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High quality over-the-air TV

Monday, November 17, 2008 by Dave Winer.

A picture named eyetv.jpgIn a post about Comcast: "I bought EyeTV devices for three of my computers so I could receive digital over-the-air broadcasts. It amazes people when they find out that such high quality transmissions are available for free over the public air waves." Permalink to this paragraph

I got a couple of questions wondering what I was talking about, and I promised to write about it here. So here goes. Permalink to this paragraph

A few years back a friend told me he had put an antenna on the roof of his house and was receiving digital versions of local TV stations. He showed me, but even though it was the familiar programming, I didn't understand what I was looking at. Permalink to this paragraph

Last night, when the Obamas were on 60 Minutes, I watched it in digital, using an antenna next to the computer, plugged into an EyeTV USB dongle thing. The picture quality was awesome. Every bit as good as if I were watching it over DirecTV, which I pay $100 a month for. I get KCBS, the local affiliate, over the air, for $0. It's totally legal. How could this be? Permalink to this paragraph

Well, it's really not that astonishing. When I lived in New Orleans in the 70s, I had a TV my grandmother gave me, a black and white tube set. I watched President Ford on TV, through an antenna next to the TV on the local NBC affiliate, WDSU, which I got over the air for $0. Only the quality was nowhere near as good. If my grandmother were alive to see the show she would not only plotz because we had elected a schvartze president (I'm sure she'd be happy about it), but the quality would probably astonish her as well. But the concept is exactly the same as over-the-air free TV in the 70s.  Permalink to this paragraph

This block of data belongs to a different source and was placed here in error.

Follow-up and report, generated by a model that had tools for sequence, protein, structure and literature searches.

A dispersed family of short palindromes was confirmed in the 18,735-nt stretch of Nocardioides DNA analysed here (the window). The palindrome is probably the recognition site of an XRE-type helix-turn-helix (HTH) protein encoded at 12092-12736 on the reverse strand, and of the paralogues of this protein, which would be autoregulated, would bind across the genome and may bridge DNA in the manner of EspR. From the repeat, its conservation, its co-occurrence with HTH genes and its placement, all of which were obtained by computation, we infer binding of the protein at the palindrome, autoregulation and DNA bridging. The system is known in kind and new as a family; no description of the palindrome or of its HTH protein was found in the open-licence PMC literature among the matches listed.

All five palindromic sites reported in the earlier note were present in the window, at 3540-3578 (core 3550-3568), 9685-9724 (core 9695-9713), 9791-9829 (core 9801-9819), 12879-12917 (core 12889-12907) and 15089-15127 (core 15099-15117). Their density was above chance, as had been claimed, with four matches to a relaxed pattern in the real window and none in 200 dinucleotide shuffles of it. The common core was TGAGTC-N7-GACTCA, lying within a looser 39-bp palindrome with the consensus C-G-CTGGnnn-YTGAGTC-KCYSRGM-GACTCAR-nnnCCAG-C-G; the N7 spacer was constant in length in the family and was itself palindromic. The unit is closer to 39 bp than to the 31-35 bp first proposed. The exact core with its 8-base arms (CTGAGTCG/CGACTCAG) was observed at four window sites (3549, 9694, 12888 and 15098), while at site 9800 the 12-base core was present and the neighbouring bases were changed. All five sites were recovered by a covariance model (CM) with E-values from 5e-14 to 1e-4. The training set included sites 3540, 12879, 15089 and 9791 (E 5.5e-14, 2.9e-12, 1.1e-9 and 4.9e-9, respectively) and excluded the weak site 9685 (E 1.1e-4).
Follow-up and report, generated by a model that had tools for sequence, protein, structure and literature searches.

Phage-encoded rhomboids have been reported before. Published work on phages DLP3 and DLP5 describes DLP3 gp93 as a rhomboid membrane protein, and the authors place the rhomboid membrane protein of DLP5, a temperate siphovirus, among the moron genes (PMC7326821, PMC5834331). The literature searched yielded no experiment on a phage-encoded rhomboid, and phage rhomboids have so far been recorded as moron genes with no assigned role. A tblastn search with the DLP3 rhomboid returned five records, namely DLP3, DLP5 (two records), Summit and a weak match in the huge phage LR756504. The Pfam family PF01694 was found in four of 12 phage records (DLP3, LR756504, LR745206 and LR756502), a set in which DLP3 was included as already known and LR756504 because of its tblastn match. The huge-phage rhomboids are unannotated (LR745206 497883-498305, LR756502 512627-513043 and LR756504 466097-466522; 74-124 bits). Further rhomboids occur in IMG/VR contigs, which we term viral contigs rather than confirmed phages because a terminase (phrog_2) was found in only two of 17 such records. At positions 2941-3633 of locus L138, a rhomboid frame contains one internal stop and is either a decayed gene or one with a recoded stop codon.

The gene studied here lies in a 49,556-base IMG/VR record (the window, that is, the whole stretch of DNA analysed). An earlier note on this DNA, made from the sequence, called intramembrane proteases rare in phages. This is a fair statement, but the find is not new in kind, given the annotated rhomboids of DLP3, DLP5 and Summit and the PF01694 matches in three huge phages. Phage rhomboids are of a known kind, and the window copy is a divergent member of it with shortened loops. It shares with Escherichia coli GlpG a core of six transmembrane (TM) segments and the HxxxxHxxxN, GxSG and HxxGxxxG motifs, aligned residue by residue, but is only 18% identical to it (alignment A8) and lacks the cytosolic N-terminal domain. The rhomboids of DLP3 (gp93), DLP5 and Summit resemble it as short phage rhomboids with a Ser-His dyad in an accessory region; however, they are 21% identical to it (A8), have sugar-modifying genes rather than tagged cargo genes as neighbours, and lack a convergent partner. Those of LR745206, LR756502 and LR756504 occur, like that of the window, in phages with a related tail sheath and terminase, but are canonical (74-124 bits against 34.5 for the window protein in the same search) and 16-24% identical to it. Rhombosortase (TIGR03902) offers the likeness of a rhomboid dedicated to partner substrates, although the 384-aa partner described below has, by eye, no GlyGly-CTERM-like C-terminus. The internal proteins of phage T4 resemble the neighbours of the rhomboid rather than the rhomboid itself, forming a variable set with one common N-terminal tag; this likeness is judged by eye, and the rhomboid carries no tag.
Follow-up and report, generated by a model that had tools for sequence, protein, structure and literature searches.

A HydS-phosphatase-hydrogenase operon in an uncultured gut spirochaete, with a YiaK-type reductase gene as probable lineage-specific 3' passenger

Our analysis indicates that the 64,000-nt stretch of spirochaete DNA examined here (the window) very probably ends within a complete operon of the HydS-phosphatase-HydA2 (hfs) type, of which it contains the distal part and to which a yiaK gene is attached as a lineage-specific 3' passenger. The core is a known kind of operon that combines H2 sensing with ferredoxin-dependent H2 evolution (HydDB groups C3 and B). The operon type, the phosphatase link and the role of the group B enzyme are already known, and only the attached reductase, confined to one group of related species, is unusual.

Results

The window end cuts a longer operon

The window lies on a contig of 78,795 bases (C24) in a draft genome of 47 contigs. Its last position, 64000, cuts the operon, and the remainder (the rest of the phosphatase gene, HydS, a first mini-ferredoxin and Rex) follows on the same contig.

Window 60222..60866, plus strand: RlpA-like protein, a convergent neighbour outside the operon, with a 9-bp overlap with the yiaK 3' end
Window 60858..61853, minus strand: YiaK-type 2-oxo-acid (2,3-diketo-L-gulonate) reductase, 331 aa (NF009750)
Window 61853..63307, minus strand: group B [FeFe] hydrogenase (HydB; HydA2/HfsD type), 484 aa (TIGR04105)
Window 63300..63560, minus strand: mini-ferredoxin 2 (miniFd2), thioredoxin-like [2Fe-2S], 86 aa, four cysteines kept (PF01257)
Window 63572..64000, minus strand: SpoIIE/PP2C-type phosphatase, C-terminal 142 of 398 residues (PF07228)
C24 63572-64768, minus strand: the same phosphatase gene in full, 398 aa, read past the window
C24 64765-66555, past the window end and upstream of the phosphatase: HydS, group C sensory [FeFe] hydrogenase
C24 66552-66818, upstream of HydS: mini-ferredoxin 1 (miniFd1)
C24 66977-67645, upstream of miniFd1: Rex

If you've been watching commercial TV you've seen the announcements about how on February 17 next year, TV is switching over to all-digital broadcast. This is what they're talking about. At that point, if you have an old analog set like the one I had in the 70s, all you'll get is static. Until then, believe it or not, that TV would still work.  Permalink to this paragraph

The cool thing is that, because the signal is digital, it doesn't take much hardware to make it possible for you to watch that signal on your computer. There are adapters available for both PC and Mac, they cost between $99 and $200, and they work very nicely. Anyone who reads this blog has all the technical skills needed to make it work. And it's worth it just for the mind-bender, and for the times like yesterday when they have must-see programming on commercial TV, they get you access where ever your laptop goes. You don't need a net connection, this stuff is going over the air.  Permalink to this paragraph

Here's a screen shot I took of President Bush at the Olympics this summer in an EyeTV window on my desktop iMac. Permalink to this paragraph


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A picture named dave.jpgDave Winer, 53, pioneered the development of weblogs, syndication (RSS), podcasting, outlining, and web content management software; former contributing editor at Wired Magazine, research fellow at Harvard Law School, entrepreneur, and investor in web media companies. A native New Yorker, he received a Master's in Computer Science from the University of Wisconsin, a Bachelor's in Mathematics from Tulane University and currently lives in Berkeley, California.

"The protoblogger." - NY Times.

"The father of modern-day content distribution." - PC World.

One of BusinessWeek's 25 Most Influential People on the Web.

"Helped popularize blogging, podcasting and RSS." - Time.

"The father of blogging and RSS." - BBC.

"RSS was born in 1997 out of the confluence of Dave Winer's 'Really Simple Syndication' technology, used to push out blog updates, and Netscape's 'Rich Site Summary', which allowed users to create custom Netscape home pages with regularly updated data flows." - Tim O'Reilly.

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